US Inflation Slows Down to 3%, Defying Predicted Figures

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June's Consumer Price Index (CPI) data from the United States Bureau of Labor Statistics (BLS) reveal a downturn in inflation, settling at 3%. This figure, being a step down from the preceding 4% in May and 4.9% in April, underscores a continuous and encouraging downtrend.

Uncertainty Lingers Over Federal Reserve's Response to Latest Inflation Statistics

Since March 2022, the Federal Reserve has systematically hiked interest rates, resulting in 10 successive adjustments. This move has propelled the benchmark federal funds rate into a target zone between 5 and 5.25 percent.

The Federal Reserve's response to the recently released inflation data remains shrouded in uncertainty. Analysts will be keenly watching whether they choose to hike interest rates further or adopt alternative strategies to tackle the evolving situation.

In a conversation with CNN, Bank of America's CEO, Brian Moynihan, projected that the U.S. could reach its inflation target of 2% by 2025. Similarly, the Federal Reserve's current forecasts anticipate inflation to be around 2.1% by 2025, marking a substantial decrease from today's 4.4%.

Despite a Lower-Than-Expected Increase, 'Core' Prices Persist at High Levels

Inflation in the U.S. climbed at a pace below forecasts in June, however, the so-called "core" prices persistently stayed at high levels. This indicates that the Federal Reserve may be prompted to further elevate interest rates in the upcoming policy discussion.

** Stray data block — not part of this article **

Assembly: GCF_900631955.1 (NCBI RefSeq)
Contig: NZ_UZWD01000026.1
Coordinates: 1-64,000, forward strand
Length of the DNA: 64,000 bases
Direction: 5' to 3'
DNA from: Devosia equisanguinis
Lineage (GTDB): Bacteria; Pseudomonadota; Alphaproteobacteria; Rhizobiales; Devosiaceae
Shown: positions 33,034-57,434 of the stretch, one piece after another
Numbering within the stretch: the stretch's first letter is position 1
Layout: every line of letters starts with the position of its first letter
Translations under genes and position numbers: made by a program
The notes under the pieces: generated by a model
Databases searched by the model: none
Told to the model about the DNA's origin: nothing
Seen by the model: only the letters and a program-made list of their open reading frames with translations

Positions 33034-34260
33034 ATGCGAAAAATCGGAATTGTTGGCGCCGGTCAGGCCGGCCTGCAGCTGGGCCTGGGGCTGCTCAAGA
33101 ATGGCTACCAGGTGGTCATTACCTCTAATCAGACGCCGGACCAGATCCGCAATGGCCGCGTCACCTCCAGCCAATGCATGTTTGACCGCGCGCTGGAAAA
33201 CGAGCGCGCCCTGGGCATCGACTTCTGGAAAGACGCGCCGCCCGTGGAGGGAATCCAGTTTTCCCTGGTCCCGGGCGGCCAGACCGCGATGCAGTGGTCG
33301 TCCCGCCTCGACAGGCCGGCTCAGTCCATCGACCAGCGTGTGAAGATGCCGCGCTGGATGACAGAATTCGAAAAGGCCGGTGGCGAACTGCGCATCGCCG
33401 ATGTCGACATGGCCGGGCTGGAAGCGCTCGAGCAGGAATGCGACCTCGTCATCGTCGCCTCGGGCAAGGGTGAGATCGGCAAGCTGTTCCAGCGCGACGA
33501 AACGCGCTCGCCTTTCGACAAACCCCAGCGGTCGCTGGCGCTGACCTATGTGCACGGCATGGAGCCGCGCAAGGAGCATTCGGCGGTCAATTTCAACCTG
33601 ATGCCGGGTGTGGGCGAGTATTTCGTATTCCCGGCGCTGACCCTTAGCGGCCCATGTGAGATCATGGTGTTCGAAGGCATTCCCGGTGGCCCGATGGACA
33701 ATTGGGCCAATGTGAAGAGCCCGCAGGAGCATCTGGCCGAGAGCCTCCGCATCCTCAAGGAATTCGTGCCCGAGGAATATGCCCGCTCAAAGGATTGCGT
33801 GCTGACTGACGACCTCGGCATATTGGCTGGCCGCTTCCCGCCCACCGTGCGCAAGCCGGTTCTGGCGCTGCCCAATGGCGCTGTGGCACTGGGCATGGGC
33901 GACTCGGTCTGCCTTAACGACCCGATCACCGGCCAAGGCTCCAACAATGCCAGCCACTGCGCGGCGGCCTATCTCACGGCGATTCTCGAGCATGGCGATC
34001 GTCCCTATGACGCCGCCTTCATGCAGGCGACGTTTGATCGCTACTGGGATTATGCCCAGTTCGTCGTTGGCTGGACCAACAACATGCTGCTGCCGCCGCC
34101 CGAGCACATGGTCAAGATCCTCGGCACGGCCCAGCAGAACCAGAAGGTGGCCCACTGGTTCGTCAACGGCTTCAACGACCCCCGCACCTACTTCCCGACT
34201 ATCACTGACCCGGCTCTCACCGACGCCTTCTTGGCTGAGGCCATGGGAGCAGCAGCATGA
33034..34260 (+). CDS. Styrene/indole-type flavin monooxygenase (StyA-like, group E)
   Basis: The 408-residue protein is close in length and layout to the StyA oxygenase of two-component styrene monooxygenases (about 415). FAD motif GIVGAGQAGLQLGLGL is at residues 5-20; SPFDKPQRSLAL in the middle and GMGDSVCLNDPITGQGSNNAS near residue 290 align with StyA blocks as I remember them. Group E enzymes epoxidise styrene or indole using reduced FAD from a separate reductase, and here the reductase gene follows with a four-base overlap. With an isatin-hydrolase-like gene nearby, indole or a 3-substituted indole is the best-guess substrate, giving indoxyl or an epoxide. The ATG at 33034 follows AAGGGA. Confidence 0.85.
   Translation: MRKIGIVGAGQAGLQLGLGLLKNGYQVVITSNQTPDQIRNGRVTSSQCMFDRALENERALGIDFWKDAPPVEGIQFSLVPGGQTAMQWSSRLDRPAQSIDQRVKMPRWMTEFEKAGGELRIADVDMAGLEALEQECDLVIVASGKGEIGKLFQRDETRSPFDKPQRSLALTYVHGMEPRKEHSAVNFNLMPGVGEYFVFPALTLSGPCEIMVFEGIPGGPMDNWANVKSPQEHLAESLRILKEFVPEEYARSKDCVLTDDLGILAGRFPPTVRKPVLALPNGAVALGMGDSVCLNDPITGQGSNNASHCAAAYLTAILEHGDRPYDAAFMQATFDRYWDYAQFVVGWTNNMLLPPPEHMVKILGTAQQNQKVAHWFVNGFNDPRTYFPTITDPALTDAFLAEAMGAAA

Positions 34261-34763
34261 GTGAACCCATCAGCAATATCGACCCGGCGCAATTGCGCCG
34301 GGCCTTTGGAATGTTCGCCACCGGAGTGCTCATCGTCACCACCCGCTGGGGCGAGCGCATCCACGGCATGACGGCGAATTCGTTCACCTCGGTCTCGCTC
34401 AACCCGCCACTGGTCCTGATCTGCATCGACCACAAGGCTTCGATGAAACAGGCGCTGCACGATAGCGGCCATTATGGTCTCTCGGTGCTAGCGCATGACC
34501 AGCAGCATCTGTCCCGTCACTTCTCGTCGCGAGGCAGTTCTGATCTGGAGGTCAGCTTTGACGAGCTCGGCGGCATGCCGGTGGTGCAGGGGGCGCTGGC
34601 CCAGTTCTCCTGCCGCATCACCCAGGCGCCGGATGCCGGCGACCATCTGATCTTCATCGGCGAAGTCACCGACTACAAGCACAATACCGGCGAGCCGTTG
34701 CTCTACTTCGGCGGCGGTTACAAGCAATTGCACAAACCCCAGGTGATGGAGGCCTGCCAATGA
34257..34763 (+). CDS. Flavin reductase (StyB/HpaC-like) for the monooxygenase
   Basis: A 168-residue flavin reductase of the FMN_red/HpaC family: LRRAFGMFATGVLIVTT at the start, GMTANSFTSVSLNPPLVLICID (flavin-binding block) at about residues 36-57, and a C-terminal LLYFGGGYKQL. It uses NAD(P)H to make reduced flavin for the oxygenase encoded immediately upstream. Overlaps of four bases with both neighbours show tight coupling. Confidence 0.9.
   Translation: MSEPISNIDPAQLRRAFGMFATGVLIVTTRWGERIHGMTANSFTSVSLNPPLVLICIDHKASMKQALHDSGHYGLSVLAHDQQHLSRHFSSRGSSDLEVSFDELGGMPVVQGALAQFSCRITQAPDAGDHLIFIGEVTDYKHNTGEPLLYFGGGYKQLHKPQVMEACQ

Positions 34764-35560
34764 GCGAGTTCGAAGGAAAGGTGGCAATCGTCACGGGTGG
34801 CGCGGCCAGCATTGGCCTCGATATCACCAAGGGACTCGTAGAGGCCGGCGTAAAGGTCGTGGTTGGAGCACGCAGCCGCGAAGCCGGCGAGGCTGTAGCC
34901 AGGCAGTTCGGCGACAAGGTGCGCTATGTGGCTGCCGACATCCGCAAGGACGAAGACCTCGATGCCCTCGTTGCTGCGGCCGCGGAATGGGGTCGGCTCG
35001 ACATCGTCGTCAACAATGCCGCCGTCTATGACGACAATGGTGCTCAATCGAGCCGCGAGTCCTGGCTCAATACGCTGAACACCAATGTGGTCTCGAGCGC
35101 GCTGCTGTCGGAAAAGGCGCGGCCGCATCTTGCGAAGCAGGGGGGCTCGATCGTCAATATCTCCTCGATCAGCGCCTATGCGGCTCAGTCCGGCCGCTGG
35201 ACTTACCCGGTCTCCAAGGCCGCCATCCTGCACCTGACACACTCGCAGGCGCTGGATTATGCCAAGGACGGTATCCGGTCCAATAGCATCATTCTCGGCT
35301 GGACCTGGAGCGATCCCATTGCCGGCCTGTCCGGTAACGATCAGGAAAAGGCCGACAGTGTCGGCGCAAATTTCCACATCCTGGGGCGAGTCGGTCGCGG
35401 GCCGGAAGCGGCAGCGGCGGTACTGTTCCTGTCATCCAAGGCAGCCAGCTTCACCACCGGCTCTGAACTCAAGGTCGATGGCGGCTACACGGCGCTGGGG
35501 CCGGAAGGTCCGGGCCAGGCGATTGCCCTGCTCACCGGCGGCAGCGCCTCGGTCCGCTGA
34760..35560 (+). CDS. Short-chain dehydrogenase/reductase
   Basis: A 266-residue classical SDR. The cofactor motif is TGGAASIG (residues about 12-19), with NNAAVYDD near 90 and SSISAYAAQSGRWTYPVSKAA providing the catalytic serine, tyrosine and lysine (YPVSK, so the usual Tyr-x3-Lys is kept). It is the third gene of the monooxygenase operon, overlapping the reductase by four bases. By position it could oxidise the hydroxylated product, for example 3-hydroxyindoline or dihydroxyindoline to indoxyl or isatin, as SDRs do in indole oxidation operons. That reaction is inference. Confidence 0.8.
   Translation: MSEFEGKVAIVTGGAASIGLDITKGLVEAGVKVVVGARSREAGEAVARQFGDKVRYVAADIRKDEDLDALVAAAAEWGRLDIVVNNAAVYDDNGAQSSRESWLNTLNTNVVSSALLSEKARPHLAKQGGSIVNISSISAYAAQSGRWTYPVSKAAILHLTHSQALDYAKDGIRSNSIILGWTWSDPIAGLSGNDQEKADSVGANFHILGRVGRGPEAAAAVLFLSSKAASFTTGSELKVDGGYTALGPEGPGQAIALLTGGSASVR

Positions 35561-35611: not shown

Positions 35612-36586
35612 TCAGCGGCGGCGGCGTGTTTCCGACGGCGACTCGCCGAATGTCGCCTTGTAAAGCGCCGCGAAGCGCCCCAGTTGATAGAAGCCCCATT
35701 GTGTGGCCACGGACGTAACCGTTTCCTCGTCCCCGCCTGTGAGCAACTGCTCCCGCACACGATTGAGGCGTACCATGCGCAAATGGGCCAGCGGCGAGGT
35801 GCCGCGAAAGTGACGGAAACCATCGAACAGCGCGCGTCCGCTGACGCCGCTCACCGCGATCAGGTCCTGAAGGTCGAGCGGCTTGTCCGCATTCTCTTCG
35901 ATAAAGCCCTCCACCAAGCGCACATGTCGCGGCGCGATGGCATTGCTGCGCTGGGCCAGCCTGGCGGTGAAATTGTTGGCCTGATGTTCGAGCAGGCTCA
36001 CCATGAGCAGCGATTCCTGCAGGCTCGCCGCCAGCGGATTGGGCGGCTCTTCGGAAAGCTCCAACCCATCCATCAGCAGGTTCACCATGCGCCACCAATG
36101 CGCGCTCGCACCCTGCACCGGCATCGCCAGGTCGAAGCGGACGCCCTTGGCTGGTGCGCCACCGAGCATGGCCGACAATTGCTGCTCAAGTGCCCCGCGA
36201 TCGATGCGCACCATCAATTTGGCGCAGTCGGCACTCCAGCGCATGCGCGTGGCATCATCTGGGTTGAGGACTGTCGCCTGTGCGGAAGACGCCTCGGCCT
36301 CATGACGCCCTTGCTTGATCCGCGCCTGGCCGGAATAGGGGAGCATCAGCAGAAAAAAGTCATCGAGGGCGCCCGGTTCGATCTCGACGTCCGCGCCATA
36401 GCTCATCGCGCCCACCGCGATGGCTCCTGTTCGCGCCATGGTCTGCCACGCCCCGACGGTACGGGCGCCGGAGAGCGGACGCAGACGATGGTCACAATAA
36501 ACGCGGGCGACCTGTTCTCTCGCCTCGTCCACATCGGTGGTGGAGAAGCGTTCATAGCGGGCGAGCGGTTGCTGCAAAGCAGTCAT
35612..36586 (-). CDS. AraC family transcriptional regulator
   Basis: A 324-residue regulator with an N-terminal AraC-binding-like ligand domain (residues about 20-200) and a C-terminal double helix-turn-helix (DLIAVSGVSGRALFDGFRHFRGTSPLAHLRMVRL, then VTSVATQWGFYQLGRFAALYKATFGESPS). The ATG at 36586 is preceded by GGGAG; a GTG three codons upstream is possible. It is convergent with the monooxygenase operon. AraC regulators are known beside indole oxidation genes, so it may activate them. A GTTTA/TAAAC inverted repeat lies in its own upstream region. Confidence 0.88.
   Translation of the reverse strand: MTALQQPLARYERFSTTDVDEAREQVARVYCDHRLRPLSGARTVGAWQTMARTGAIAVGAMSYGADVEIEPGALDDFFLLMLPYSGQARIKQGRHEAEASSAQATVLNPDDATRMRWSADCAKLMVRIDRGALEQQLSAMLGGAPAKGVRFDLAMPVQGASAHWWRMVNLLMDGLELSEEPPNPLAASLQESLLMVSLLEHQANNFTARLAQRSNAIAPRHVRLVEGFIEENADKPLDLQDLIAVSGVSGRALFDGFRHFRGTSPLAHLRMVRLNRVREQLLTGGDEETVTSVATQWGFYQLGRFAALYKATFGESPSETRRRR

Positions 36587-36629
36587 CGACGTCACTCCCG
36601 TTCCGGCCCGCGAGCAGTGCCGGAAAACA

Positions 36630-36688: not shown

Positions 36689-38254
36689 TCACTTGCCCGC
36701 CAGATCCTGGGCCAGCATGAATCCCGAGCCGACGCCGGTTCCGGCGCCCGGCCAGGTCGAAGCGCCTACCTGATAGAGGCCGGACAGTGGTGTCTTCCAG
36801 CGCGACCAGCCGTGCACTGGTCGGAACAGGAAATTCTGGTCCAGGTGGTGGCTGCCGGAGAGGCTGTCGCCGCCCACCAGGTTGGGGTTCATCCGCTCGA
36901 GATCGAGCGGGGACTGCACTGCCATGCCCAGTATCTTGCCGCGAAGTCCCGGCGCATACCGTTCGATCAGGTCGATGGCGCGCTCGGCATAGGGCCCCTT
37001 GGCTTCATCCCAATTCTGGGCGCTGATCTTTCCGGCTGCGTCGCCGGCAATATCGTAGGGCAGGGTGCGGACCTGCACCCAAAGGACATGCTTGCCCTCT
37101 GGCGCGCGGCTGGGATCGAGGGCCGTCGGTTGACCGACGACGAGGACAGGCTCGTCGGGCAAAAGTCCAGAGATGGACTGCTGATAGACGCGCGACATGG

The Bureau of Labor Statistics' scrutinized consumer price index registered an annual increase of 3.0%, a dip from May's 4.0%. Financial analysts had anticipated an increase of 3.1%.

Inflation now stands at the lowest point in over two years, representing a sharp decline from the peak of 9.1% achieved last June.

Sequentially, the CPI showed a 0.2% growth, a small rise from 0.1% in May, against the forecast of 0.3%.

In the meantime, the surge in core CPI, which excludes more unpredictable elements such as food and energy, slightly eased to 4.8% yearly and 0.2% monthly. Both these figures were expected to fall to 5.0% and 0.3% respectively.

Despite the headline inflation number inching towards the Federal Reserve's 2% target, the stubborn core inflation figures have sparked conjecture that the central bank will increase interest rates later this month, following a pause in the rate-hike cycle in June. As per's Fed Rate Monitor Tool, a quarter-point increase in borrowing costs at the July meeting is more than 91% likely.

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